Fig. 5

Relative PG values compared to peak values during 10 min centered at the peak time for different PG peaks values for three different periods of a year. From top raw to fourth raw are negative peaks: a, e, i \(-\,1600< {\hbox {PG}}_{\mathrm{peak}} < -\,800\,\hbox {V/m}\), b, f, j \(-\,800< {\hbox {PG}}_{\mathrm{peak}} < -\,400\,\hbox {V/m}\), c, g, k \(-\,400< {\hbox {PG}}_{\mathrm{peak}} < -\,200\,\hbox {V/m}\), and d, h, l \(-\,200< {\hbox {PG}}_{\mathrm{peak}} < -\,100\,\hbox {V/m}\). The red-hatched area is range of standard deviation at each point of 2011 data. The bottom raw is for positive peaks from mid-March to April: m \(+\,400< {\hbox {PG}}_{\mathrm{peak}} < +\,800\,\hbox {V/m}\), n \(+\,200< {\hbox {PG}}_{\mathrm{peak}} < +\,400\,\hbox {V/m}\), and o \(+\,100< {\hbox {PG}}_{\mathrm{peak}} < +\,200\,\hbox {V/m}\). Numbers of data point of each minute are given at the top of each panel with red text for 2011 and blue text for the other years. Data point with six samples or more are plotted. In all panels, red crosses are for 2011, dashed lines are for the other years, and the thick line is for the average

The shorter timescale for 2011 is not seen before the FNPP1 accident (Fig. 5a–d), or in May, during which the 2011 profile is within the range of the annual variation (Fig. 5i–l). In May, the floating radioactive particles (which may have included both new inflow from the FNPP1 area and re-suspensions from other areas) decreased significantly while the surface contamination level stayed at the same level (Yamauchi et al. 2012; Yamauchi 2012; Kanai 2012; Kita et al. 2013). The profiles for the normal years are different between May and March–April because of the different weather systems, but the March–April 2011 profile is still at the lowest limit of the annual variation for May, and outside the annual variation in Fig. 5g, h. Also, the average time profiles lie around the upper limit of the standard deviation of 2011 for each minute, and hence the anomaly in 2011 is most likely real.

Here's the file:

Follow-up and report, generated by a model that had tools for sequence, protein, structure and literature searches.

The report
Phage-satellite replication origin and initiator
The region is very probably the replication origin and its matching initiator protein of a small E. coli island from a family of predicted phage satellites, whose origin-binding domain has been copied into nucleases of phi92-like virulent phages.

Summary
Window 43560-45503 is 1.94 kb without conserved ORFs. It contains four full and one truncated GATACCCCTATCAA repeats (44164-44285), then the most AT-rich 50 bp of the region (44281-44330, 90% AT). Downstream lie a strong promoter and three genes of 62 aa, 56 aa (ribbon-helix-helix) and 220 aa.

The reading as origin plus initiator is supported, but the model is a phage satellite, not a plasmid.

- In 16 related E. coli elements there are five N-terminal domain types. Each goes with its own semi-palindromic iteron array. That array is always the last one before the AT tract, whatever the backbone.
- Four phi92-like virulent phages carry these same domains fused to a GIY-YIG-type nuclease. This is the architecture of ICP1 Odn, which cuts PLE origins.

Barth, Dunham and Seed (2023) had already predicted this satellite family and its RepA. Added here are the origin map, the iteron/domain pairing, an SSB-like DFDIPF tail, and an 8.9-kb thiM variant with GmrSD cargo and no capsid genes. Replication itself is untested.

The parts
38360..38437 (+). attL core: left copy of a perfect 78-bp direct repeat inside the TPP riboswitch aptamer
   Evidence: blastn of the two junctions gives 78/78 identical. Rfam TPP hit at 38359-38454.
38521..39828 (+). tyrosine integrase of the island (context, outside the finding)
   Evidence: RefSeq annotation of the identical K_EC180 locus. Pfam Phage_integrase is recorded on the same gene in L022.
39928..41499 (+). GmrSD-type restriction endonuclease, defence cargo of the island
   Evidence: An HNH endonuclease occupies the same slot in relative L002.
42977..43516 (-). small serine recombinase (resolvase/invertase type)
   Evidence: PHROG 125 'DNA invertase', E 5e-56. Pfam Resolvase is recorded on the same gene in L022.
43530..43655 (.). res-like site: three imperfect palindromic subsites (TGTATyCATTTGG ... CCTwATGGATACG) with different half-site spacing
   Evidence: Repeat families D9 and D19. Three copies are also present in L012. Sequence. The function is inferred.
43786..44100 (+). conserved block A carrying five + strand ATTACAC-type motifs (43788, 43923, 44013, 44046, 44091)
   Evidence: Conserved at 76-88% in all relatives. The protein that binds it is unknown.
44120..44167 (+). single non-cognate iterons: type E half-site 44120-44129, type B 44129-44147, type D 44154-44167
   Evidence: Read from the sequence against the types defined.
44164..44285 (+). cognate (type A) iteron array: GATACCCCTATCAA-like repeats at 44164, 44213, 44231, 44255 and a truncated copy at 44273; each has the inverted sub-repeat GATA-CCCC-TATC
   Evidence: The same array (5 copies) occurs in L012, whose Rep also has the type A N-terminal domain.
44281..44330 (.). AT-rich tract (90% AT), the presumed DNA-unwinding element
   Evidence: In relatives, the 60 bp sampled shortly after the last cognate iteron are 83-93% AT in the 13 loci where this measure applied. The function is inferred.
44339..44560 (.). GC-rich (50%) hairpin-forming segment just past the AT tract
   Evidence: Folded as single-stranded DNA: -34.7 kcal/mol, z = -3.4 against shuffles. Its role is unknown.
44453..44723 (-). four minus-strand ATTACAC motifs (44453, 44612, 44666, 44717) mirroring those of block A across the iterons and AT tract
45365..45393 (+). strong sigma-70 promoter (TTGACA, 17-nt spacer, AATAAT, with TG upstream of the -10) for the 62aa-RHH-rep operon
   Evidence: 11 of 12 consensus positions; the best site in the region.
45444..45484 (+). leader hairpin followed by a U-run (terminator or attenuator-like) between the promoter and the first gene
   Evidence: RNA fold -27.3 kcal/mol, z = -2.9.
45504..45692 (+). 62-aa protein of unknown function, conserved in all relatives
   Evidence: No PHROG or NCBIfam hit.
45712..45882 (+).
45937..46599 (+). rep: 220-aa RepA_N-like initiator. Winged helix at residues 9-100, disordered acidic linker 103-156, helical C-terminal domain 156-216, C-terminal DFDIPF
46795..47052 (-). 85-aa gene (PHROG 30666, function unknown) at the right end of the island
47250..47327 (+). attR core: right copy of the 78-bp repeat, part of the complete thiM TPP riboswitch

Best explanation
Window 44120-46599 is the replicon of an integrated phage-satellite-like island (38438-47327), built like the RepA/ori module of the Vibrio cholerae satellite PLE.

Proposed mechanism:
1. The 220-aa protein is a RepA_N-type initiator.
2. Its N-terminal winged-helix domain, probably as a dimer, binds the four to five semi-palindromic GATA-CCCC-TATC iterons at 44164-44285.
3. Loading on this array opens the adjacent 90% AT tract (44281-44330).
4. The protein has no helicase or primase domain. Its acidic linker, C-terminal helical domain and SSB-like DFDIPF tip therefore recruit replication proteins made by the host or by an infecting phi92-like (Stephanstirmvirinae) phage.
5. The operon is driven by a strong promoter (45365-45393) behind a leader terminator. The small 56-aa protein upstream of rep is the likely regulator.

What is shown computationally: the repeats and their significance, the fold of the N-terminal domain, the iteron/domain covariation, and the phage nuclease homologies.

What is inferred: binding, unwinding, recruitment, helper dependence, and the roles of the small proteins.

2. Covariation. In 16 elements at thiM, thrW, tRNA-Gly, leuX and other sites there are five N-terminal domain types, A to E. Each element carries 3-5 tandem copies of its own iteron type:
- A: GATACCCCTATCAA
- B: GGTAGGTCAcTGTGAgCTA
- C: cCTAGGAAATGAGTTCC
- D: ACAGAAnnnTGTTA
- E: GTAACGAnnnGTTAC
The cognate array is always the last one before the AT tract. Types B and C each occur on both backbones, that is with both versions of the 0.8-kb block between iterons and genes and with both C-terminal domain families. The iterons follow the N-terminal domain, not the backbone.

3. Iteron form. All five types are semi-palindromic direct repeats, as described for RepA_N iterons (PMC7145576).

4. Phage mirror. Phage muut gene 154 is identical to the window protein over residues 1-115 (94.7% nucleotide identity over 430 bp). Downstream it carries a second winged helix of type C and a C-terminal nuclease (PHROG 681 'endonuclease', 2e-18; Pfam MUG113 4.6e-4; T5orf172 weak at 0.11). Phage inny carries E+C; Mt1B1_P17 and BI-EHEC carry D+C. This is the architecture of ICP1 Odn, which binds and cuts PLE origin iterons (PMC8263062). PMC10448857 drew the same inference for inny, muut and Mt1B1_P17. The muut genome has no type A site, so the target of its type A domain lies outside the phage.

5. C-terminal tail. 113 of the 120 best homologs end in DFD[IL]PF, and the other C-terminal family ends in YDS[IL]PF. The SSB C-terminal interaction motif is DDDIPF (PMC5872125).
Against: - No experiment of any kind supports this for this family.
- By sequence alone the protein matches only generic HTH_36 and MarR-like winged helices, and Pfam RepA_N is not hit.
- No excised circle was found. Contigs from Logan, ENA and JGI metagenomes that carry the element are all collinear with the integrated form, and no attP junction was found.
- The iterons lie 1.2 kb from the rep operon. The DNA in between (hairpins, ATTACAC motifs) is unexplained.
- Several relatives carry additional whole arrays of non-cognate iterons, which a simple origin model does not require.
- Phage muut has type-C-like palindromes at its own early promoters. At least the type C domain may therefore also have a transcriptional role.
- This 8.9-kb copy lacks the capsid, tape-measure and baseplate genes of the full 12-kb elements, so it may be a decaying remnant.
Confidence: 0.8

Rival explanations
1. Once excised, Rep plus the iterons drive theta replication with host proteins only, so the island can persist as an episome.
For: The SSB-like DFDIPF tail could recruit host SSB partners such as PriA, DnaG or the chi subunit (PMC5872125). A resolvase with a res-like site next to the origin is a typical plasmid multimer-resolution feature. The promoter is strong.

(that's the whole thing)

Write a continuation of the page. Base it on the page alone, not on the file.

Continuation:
For reference, Fig. 5m–o shows the change from the positive peaks, in which we do not see clear differences between 2011 and the other years when \({\hbox {PG}}_{\mathrm{peak}} >+\,400\,\hbox {V/m}\). On the other hand, for the lower PG peak values (<\(+\,200\,\hbox {V/m}\)), the short time constant in 2011 is most likely an artifact from the difference in the fair-weather PG. (Start value and decay destination are \(\sim 0\,\hbox {V/m}\) for 2011 and \(\sim +\,60\,\hbox {V/m}\) for the other years.) The change in the offset value in turn reinforces the shortening of the timescale for negative PG in 2011.


Figures 4b and 5 indicate that timescale toward/from the PG negative peak is shortened when the floating radioactive particles from the FNPP1 increased the atmospheric conductivity \(\sigma\) through the enhanced ionization rate. While the difference in PG behavior might simply have come from coincidental difference in the cloud and atmospheric condition as mentioned above, we consider a scenario by increased ionizing radiation.

In the introduction, we proposed three mechanisms in which the increased atmospheric radioactivity may influence the PG behavior (enhanced discharge rate, Debye shielding, and dielectric shielding). In all scenarios, we must also consider both (a) the local development case (ground-charge distance is constant) and (b) the moving case (ground-charge distance changes by either horizontal convection like Fig. 1 or vertical oscillation).